Hawaii Forgiveness Project
Poetry of Forgiveness Awards
Winning Entries, 2006
International Forgiveness Day in Hawai'i
August 6, 2006
Prisoner No More
free verse, 29 lines
|trying so hard to keep me captive
burdening me with trouble and pain
tearing at my heart strings
never letting up on me
but i was strong enough
taught myself how to forgive and let it all go
i also learned its okay to cry,
had to understand where you were
and realize it doesn't mean you're bad or wrong
able to find peace within once more
stop my selfishness and pity
i see the wheel now and how it turns
trying to control me
clouding my thoughts
i laugh now
i'm on to the game
grown much wiser
rising up and above
i feel the anger and fury
of fate and destiny
now that they know
i can overcome them and prevail
still trying desperately
to hold the darkness over my head
but they can't follow me anymore
or weaken my spirit or soul.
when someone hurts us, especially when you love that person but they dont love you back or even want love in their life, you go through stages of hurt, at least i do, first you're so mad at the person, and you get mad at them and try to convince them that they should see things your way and that your way is the right way to think, but when we do that we are being selfish and not thinking things from the other persons perspective and where they're at in their life.
and you have to force yourself to try and understand the other person, which can be very hard and sometimes we dont want to do that, cause i think it's easier to stay mad then it is to forgive people.
Six Triad verses with rhyming of the last word of each triad
|MesSages - our world is full of them,
Spilling forth, tantalizing -
Beckoning us… to embrace their game.
The subtle ones most give me pause,
For they peer deeply into life's intention;
Forgiveness - or just some other aim.
Sifted, sorted, ordered, and distilled,
A mottled tapestry that moves me -
Forgiveness in any form is still the same?
Was this poetic rendering an opportunity to pause?
Sent to me through the airwaves of intention
Bits destined to attract and build a flame!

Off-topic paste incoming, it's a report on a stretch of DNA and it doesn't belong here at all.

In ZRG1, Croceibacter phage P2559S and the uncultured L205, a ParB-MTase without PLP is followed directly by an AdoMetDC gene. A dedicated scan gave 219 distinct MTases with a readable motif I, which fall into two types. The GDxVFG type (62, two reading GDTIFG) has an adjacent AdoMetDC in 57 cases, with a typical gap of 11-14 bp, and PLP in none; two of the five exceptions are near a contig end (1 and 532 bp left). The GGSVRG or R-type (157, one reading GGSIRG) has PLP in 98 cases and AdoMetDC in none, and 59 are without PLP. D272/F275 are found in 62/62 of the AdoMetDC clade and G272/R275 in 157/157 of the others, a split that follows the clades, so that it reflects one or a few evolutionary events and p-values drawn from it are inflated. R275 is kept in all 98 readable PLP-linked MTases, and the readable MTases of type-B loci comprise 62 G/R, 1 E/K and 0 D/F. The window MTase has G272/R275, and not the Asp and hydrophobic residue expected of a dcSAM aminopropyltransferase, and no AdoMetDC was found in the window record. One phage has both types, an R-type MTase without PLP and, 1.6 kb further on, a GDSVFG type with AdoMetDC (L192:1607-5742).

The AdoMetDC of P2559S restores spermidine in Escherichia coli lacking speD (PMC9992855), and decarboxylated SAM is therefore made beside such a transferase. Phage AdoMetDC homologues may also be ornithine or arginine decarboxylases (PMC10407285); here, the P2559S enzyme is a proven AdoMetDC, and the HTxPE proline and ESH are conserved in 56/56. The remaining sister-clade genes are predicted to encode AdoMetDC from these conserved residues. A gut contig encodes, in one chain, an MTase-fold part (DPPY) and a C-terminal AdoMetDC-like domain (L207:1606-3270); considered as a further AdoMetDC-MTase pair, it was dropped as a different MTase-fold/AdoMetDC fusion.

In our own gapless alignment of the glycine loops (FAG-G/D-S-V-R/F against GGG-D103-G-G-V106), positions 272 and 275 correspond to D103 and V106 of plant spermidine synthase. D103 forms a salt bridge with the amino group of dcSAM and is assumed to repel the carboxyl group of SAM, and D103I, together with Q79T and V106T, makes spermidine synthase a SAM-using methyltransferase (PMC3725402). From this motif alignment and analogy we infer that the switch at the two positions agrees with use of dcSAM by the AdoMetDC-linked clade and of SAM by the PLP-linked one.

Singe my sinking soul… intently to myself
Engage my spirit and cause me to seek this truth,
Deep within my mottled bag, I yearn to stake my claim.
MesSage forgive; MesSage - forgive
Vanilla packaging, addressed, and ready to be delivered,
Send it away to all who need to blame.
|This poem came to me as I was sorting out some conflicting themes in my life. Choosing to pay attention and listen to forgiveness opportunities bring clarity and peace. Passing the message on may be the answer for others as the forgiveness message coming to me was.
The First Poem
Lament to the Spirit of War
circa 2300 B.C.
|You hack everything down in battle...
You slice away the land and
charge disguised as a raging storm,
growl as a roaring hurricane,
yell like a tempest yells,
thunder, rage, roar, and drum,
expel evil winds!
Your feet are filled with anxiety!
Like a fiery monster
you fill the land with poison.
As a rage from the sky,
you growl over the earth,
and trees and bushes collapse before you.
You're like blood rushing down a mountain,
Spirit of hate, greed and anger,
dominator of heaven and earth!
Your fire wafts over our tribe,
mounted on a beast,
with indomitable commands, you decide all fate.
You triumph over all our rites.
Who can fathom you?
Introduction, by Michael North
The first written work that we know of, signed by an individual known to history, is a poem about war, written by Enheduanna, daughter of King Sargon and priestess of Ur in what is now south-central Iraq.
The prize money for this award will be donated to Amnesty International (USA), our guests today -- for their global work in addressing the causes of war and injustice.
This is her poem, which calls out to us today for forgiveness.
In ancient Sumeria in 2300 BC, writing was still largely known only to priests and tax collectors. Scriptures, stories, lists and tax records were kept on clay cylinders and tablets, and not signed by any individual author.
photo: Kaneohe Sunset, courtesy Chris Spezzano
© copyright 2006, Hawai'i Forgiveness Project
and by each individual artist